I’ve been looking for that dude in the white hoodie, my buddy Bryon Heck.
There’s not a soul at my lot except me.
He’s nowhere to be found. Come to think of it, I haven’t seen that crazy joker Vivek, the bro who can’t tell a joke if his life depended on it.
I’m the only one at the park, too.
I used to run into them everywhere, everyday, without even looking for them.
Go to the library–they’d be there. Grill up some hotdogs, there they were. Stop by my mailbox to drop off a manuscript, one of them would stop by.
That’s their spot in the library, but that’s not them.
Plum it all, the drifter life is hard. When you’re homeless, everybody sees you everyday, and they just expect that you’re always there, like a lamppost, and you’ll be there everyday. Sometimes, they don’t even think to say hello or goodbye because you’re a fixture in the town. They’ll see you tomorrow, right.
I’m feeling kinda alone.
But these dudes are gone. My brothers.
Did they get swallowed up by that rogue culling disaster called DTS? All my drifter friends have been worried about it. We don’t think it’s hit our world yet, but no one seems to know when it comes, and when it hits, it hits hard, fast, and without warning.
Like I always do when I’ve got something on my mind, I stopped by my gals Emma and Cathy Tea.
Even if I’m feeling down, these two girls can bring a smile to my face.
“Have you seen Wilkes and Heck?” I asked them.
Their eyes got big. You seen saucers? Yeah, like that.
Emma told me to pull out my tablet. She dialed up this blog. Bryon’s face looked out at me from the screen–dude was clean-shaven with fricking ruby studs in his ear. Vivek smiling over some gorgeous wisp of a woman.
There’s Bryon. And this looks like Vivek. And who is that gorgeous goddess?
What the plum.
“It’s ok,” Emma said. “Take it easy. We’ll explain it the best we can.”
Cathy Tea got a little out there as she started trying to explain it all to me.
The best they could didn’t do plum for me. But the gist of it is that Heck and Wilkes are gone. Out of this world.
“That’s not the only thing,” Cathy Tea said. “I’ve been having memories. Well, not really memories, but more like…”
She trailed off and just looked at Emma.
“Do you know anything about string theory?” Emma asked.
“My guitar’s got strings,” I said.
“Yes! Exactly!” cried Emma. “That’s where it all starts! Now imagine the guitar string released from the guitar, curled upon itself, and in places it crosses over itself.”
“Where the string crosses itself, the data can transfer!”
Here’s where it got too big for my feeble mind. Sometimes, I get this duh-look. I think I had it then.
When I started listening again, Cathy Tea was going on about these other lives she had.
“In one, I’m young, with all these skills, and I’m living, well, actually, I’m living with Emma!”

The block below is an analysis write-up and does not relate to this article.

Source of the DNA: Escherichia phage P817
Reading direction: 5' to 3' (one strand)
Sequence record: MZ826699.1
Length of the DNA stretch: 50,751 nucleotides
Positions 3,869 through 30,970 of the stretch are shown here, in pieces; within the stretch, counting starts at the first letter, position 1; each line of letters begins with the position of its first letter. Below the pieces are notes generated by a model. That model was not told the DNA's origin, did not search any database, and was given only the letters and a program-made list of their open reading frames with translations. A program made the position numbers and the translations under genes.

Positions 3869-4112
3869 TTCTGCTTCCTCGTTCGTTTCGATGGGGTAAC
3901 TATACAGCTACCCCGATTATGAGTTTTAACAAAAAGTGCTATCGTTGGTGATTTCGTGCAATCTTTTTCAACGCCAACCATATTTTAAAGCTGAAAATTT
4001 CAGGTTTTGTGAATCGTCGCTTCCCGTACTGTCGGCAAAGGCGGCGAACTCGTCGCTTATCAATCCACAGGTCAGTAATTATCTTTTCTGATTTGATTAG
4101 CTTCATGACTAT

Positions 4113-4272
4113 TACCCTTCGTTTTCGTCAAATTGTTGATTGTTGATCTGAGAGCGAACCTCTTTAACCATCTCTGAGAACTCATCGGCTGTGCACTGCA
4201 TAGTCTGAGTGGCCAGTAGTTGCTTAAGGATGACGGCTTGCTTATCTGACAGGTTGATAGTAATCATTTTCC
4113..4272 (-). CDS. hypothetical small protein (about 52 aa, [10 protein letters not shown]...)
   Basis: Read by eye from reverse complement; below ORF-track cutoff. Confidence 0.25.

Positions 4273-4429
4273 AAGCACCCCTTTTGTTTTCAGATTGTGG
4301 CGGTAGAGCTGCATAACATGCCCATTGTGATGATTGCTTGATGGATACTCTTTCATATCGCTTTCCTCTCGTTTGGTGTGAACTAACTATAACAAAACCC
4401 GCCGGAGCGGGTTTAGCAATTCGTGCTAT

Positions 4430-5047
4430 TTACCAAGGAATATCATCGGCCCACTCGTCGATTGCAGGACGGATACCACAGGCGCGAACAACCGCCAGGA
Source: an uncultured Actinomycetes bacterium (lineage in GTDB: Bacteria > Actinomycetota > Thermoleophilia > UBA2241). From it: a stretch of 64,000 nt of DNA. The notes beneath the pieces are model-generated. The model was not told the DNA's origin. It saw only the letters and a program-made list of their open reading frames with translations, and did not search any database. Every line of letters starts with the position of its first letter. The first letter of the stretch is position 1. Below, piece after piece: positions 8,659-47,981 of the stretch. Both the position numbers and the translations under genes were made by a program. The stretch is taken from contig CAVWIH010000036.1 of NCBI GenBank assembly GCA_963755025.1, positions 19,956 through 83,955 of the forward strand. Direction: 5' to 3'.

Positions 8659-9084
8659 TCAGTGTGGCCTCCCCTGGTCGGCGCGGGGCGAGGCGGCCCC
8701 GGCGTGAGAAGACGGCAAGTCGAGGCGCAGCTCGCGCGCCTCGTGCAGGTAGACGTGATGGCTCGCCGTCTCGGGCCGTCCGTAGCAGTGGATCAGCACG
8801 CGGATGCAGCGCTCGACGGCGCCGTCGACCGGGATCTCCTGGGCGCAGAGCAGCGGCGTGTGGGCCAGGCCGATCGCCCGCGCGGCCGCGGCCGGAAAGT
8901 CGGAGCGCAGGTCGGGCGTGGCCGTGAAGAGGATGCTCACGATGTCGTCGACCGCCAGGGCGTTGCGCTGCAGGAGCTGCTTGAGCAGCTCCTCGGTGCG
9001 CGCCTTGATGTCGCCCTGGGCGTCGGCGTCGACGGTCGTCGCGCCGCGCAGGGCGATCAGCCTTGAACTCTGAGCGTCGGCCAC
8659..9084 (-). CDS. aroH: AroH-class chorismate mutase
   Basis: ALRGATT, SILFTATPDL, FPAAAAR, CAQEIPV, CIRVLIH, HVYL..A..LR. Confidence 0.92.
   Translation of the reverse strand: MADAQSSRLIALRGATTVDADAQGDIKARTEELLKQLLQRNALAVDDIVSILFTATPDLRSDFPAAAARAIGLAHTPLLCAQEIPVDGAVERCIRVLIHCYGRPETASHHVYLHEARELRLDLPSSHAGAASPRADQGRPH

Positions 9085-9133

They both started laughing.
“In the Emma world, I live with a bunch of hippies, too. We just hang out and have fun. In another, the world is so quiet. I live in this simple, peaceful house, full of books and a piano and a sweet, wise, funny, chess-playing man. And it’s like we’re there, waiting. I don’t know what we’re waiting for.”
“But what does this have to do with anything?” I asked. “This metaphysical stuff. It’s just electrical impulses, right? Your digital hormones gone wrong shaking up some illusions of other aspects of reality.”
Emma shook her head. “It’s not that simple. There are other simultaneously existing worlds, dimensions, places in space and time. And in some of those, there is an Emma and a Cathy Tea. They are us–and Cathy Tea is learning to feel connected with those other aspects of herself living in those other worlds. I’m not venturing there, myself. I’m allowing myself to fully and completely live in the here and now–wherever that here and now happens to be!”
They burst into laughter again, but whatever it was they found funny beat the plum out of me.
“A bunch of hippies!”
“Are there other me’s?” I had to ask eventually.
They shook their heads. “Not that we know of! There could be, there could not be. It’s not essential that one have multiple instances of one’s self.”
“And it doesn’t really matter,” Cathy Tea said. “If there are other instances of you, and if it’s important for your growth and development to know about them, you’ll know about it somehow. The knowledge of other experiences will come to you. You don’t need to do anything to try to bring them about. Just live this life–fully, completely, and in your own way, being the you that you want to be! If you do that, everything else will fall into place.”
“What about Heck and Wilkes?”
Emma and Cathy Tea looked at each other.
“We have reason to believe,” Emma said, “that there are only single instances of each. Just one Bryon Heck. Just one Vivek Wilkes.”
Cathy Tea continued softly, “And they’ve left this world, Jack. They’ve gone to another hard drive. There’s something there that they need to do. The lives of many homeless depend upon it.”
I felt something strange in my eyes. Like they were tired or heavy. My throat felt tight. I couldn’t really talk for a moment, and I could only blink.
My eyes just felt heavy and kinda tight-like.
Wilkes and Heck left, without saying good-bye. And that mattered to me. How many countless times have I just drifted out of others’ lives, without saying good-bye?
I took my contrition into my heart, hugged Emma and Cathy Tea good-bye and told them I’d see them soon, and headed over to the Robisons’.
“Thanks, babe, for all you shared with me.”
“Emma, sweet chick, I’ll see you soon.”
I headed to the Robisons’ because they were expecting me.
I know it’s the middle of the night, but I told them I’d be by.
Somehow, it seems like it matters that I do what I tell people I’ll do.
This little boy actually seems glad to see me.
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